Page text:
I first met researcher Ben Scafidi, then at GSU, at a conference on school resegregation where he presented a paper. Soon after, he became Gov. Perdue’s education adviser. We have philosophical differences, but I think he is true to his principles and I think he is always forthcoming on what he’s thinking.
You will likely agree once you read his piece on the CRCT cheating probe.
Now chairman of the state’s new Charter Schools Commission and a professor at Georgia College & State University, Scafidi wrote this piece for the op-ed page.
By Ben Scafidi
When Bernie Madoff and his accomplices embezzled billions from clients out of the world’s largest Ponzi scheme, it wasn’t the traders who ran the company who were sent to prison. Instead, Madoff himself earned a life sentence for the collapse of his securities firm.
So, too, should those at the top of public schools that have experienced widespread cheating during the Georgia CRCT be held accountable for what happened in their schools. For top brass to keep their jobs would be like BP’s CEO Tony Hayward keeping control of the company despite the largest oil spill in U.S. history.
But the education establishment continues to protect itself at the expense of Georgia children. Since this scandal broke last year and evidence emerged this month that cheating was indisputable in hundreds of schools, all we’ve heard is excuses including blaming kids for doodling on their exams to failure to properly erase and change their own answers.
The state identified classrooms as having “cheating problems” if the number of erasures from wrong to right answers were dramatically above the average for their grade level and subject.
An audit of the tests showed that there were, in fact, an extremely high number of answers changed on tests, and they weren’t changed by students.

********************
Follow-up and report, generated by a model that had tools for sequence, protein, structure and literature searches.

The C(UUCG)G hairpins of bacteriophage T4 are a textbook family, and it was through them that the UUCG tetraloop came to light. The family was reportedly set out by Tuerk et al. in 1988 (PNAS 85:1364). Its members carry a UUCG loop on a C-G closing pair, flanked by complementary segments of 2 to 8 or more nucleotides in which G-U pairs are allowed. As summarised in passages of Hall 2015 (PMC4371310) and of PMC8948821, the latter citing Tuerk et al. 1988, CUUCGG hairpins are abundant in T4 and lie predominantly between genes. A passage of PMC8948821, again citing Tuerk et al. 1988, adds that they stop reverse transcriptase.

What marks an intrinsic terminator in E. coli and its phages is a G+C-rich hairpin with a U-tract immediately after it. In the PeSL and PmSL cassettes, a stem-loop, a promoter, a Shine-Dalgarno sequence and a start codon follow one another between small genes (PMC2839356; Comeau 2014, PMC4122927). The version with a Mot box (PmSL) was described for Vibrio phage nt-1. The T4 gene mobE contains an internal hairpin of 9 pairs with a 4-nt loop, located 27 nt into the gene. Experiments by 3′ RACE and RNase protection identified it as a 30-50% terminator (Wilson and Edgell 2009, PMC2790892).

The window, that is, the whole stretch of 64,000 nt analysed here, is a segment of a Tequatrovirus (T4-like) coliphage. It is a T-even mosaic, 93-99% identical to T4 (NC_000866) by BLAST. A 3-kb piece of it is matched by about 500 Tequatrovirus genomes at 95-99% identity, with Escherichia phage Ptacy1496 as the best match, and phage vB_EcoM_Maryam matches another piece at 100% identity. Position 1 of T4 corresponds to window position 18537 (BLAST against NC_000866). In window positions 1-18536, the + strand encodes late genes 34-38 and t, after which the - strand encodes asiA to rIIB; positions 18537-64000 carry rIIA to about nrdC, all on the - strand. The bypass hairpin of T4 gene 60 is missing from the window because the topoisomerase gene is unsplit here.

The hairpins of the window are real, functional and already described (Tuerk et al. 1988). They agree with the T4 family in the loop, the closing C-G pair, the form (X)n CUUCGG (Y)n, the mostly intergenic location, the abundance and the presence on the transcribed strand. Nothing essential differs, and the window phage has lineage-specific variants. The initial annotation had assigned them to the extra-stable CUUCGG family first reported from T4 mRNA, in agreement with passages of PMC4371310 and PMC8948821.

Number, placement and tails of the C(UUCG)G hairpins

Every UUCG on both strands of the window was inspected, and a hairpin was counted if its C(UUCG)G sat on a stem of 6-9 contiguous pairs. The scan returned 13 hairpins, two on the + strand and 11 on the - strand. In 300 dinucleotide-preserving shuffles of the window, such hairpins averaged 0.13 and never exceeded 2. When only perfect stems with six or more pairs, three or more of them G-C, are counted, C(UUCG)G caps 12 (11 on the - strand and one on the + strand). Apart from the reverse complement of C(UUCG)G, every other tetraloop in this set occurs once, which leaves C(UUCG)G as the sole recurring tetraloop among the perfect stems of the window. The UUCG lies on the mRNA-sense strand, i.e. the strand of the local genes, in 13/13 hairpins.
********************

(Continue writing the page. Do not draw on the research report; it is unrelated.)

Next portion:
What is the likelihood that a classroom of 20 students had erasures from wrong to right? If this occurred by random chance, the likelihood is one in 1,000,000,000,000,000,000,000,000,000,000,000,000,000. That number is too large to even have a name — but with 39 zeros, it is quite an impossible chance.
Yet last year, some school districts were able to beat those odds because some wanted to take an easy route to show success for their students.
Once state monitors were put in place, test scores statewide dropped significantly this year in many schools that obviously had cheating problems. That leads many of us to believe that cheating occurred on important exams in 2009 and potentially earlier.
● In Dougherty County, for example, the fifth-grade reading pass rate at Martin Luther King Elementary in Albany dropped by 45 percentage points, after the independent probe of the 2009 test results showed cheating.
● At Atlanta Public Schools’ White Elementary, 88 percent of third-graders supposedly passed the CRCT’s math exam in 2009. This year, with monitors in place, only 27 percent of third-graders passed the math exam at the same school. This disparity in results should not only be shocking to parents but taxpayers who pay high taxes to fund public schools.
● National Assessment of Educational Progress scores, by contrast, increased significantly between 2002 and 2009 — a statistic that Atlanta Superintendent Beverly Hall defends as indicative of foolproof testing in her school system. Yet the sample of students taking the exam has changed since 2002 versus 2009, leading to questions whether the NAEP sample truly reflects the population of the school district and thus the true learning outcomes of Atlanta students.
It all comes down to this: Adults are supposed to set an example for children and teach them how to be successful grown-ups. When adults cheat, they send the wrong message to pupils that shortcuts are acceptable over hard work and learning.
This scandal is particularly harmful to kids because under state policy, those who fail the CRCT often are entitled to extra tutoring. Georgia parents are being misled about the quality of their public schools and whether their child is learning.
For the next few weeks, there is a fear that we will continue to see the business community enable school leaders in Atlanta and other districts where there has been cheating. To date, no leader had demanded real accountability for a scandal that hurts young people. Until all stakeholders say enough is enough, they, too, are morally responsible for another generation of children being promoted without basic skills needed to read, write, earn college admission or even obtain a significant job.
Just as BP’s Hayward will eventually go, the stakeholders of public education will have to rise up and seek the resignation of those who make excuses for cheating and failure. Kids don’t deserve the blame. Responsibility starts at the top.